Top tips on winter feeding

By: Horse Deals


Top tips on winter feeding
Top tips on winter feeding
With the winter freeze hitting hard, Top Spec has issued the following feeding advice:

For horses and ponies living out

• Ensure water is available as constantly as possible
At least twice a day break ice, add hot water or do whatever you can to provide drinkable water. Horses will not drink snow!

• Provide generous amounts of hay or haylage at least twice daily.
When grazing is covered by snow or frozen hard, it is essential to provide a source of fibre for the microbes in the horse’s hindgut to digest. As they digest the fibre they provide a constant source of fuel for the horse and the fermentation process literally warms him up from the inside out. This is perfect central heating and far kinder for your horse than giving him a hard feed made with hot water which is of little benefit.

Remember that your horse would normally graze for at least 16 hours a day so try to provide at least enough hay or haylage to keep him eating for that long if he cannot graze.

Balance his forage with a feed balancer or supplement.

In order to provide essential micronutrients feed either a suitable feed balancer or supplement mixed with damp chop.

Only provide a hard feed if your horse is used to receiving one.

To suddenly introduce significant quantities of hard feed when the microbes in your horse’s hindgut are not used to digesting them risks colic. However, if he usually gets a hard feed it is safe to continue or even feed up to 25% more providing you do not exceed his stomach’s capacity e.g. 2kg per feed for a 500kg horse.

Do not suddenly introduce cereals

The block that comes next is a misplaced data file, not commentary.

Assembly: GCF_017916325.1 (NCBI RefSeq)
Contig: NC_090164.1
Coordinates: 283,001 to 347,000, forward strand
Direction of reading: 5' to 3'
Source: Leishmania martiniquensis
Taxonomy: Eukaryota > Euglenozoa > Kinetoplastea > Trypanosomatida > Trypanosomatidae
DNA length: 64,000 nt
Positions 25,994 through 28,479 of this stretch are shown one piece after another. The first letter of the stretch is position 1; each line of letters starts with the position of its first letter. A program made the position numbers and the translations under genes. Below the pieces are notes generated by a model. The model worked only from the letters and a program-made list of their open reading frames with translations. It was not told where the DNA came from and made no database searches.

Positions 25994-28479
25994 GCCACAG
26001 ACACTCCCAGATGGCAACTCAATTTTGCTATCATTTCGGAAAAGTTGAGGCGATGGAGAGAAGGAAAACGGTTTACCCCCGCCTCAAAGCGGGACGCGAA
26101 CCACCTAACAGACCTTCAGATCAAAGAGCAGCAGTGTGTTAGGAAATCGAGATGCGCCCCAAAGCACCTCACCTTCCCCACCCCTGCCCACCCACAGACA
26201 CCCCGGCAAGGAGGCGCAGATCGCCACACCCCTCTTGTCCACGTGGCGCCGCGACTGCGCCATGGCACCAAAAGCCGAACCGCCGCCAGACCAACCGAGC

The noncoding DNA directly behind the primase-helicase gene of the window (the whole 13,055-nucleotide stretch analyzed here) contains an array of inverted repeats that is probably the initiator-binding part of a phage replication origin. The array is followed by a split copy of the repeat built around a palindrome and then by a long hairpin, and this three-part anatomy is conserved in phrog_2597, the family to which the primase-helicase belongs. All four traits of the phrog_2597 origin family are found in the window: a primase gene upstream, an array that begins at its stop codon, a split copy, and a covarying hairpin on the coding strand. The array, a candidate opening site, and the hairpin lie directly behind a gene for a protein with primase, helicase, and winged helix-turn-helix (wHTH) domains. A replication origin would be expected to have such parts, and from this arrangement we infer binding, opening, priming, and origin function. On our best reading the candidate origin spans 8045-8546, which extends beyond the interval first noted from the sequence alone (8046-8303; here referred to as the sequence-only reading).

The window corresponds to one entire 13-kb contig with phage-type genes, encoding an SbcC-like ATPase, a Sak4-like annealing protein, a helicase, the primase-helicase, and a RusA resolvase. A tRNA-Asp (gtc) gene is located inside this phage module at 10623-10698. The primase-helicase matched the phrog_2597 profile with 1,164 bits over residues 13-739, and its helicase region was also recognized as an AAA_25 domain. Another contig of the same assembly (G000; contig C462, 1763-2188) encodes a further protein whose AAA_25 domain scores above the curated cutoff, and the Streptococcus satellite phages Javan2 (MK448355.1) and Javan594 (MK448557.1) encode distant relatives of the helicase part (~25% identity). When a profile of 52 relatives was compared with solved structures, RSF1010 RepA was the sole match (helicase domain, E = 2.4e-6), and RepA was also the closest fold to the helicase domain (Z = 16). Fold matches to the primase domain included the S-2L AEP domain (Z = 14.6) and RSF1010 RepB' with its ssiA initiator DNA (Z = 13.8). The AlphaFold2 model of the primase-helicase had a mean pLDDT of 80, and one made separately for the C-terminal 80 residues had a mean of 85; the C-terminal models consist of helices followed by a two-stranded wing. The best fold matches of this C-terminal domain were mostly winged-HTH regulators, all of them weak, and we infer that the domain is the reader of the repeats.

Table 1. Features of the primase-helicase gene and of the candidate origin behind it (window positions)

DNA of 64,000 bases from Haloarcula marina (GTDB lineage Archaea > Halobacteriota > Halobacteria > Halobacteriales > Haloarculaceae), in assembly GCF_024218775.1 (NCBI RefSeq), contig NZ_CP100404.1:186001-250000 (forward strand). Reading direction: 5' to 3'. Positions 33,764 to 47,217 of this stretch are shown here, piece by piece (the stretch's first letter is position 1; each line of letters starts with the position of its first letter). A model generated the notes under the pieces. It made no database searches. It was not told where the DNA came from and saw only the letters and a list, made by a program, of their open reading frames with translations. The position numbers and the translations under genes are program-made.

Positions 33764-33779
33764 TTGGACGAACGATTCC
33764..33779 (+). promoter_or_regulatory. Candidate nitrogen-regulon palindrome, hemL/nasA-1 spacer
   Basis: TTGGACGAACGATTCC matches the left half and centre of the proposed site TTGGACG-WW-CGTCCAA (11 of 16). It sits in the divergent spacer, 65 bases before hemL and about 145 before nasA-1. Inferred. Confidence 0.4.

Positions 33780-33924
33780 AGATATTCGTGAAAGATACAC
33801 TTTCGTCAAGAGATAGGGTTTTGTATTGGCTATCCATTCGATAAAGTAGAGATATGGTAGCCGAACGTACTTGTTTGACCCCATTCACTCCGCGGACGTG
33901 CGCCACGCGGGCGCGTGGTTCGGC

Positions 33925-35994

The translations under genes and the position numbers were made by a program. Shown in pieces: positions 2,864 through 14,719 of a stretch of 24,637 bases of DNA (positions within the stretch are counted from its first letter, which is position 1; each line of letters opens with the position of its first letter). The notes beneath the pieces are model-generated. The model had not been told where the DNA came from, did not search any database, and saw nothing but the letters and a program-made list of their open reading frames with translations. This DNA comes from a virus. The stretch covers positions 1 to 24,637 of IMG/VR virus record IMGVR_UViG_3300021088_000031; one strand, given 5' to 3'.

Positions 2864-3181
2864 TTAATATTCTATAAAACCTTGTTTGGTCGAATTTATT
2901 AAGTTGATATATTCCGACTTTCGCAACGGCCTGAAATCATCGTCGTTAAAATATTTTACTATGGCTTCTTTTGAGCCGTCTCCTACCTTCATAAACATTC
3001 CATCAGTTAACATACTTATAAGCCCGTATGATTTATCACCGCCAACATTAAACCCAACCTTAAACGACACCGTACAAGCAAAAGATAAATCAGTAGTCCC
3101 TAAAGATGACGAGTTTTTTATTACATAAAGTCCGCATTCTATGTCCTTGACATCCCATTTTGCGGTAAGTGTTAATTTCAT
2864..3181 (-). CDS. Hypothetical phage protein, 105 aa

If you do not normally feed cereals or cereal-based compound feed do not suddenly introduce them as you again risk digestive upset, especially when forage intake is limited as the microbial balance in the hindgut will be disturbed. If you normally feed a cereal based feed you may need to feed less if you cannot supply ample forage.

Do not suddenly rug up a wet horse or pony.

Native ponies and others living out without rugs are best left to use their coats as nature intended, just ensure ample hay/haylage. If you are already using rugs then check that they are not damaged/leaking.

For stabled horses and ponies

• Ensure water is available as constantly as possible.
It may mean going back to buckets!

• Do not turn out unless safe to do so and well rugged up.
A sand school is great in cold weather and an indoor school that you can access is perfect in severe snow or ice but most horses and ponies are best kept safely indoors if turn out poses any risk.

• Provide generous amounts of hay or haylage
Provide extra hay or haylage to counteract boredom and replace the nutrients that might
have been gained from grazing.

• Balance his forage with a feed balancer or supplement.
In order to provide essential micronutrients feed either a suitable feed balancer or supplement mixed with damp chop.

• Cut out all other hard feed
Even if your horse is able to have a short buck and a kick in a suitable safe place he is unlikely to be in normal work and, unless he is, you need to cut out his hard feed until he can return to work.

• Do not turn horses or ponies prone to laminitis out on cold, frosted grass.
Limit turnout severely on cold, bright days, even when the frost has gone.
For more information contact the free TopSpec Multiple Award Winning Helpline 01845-565030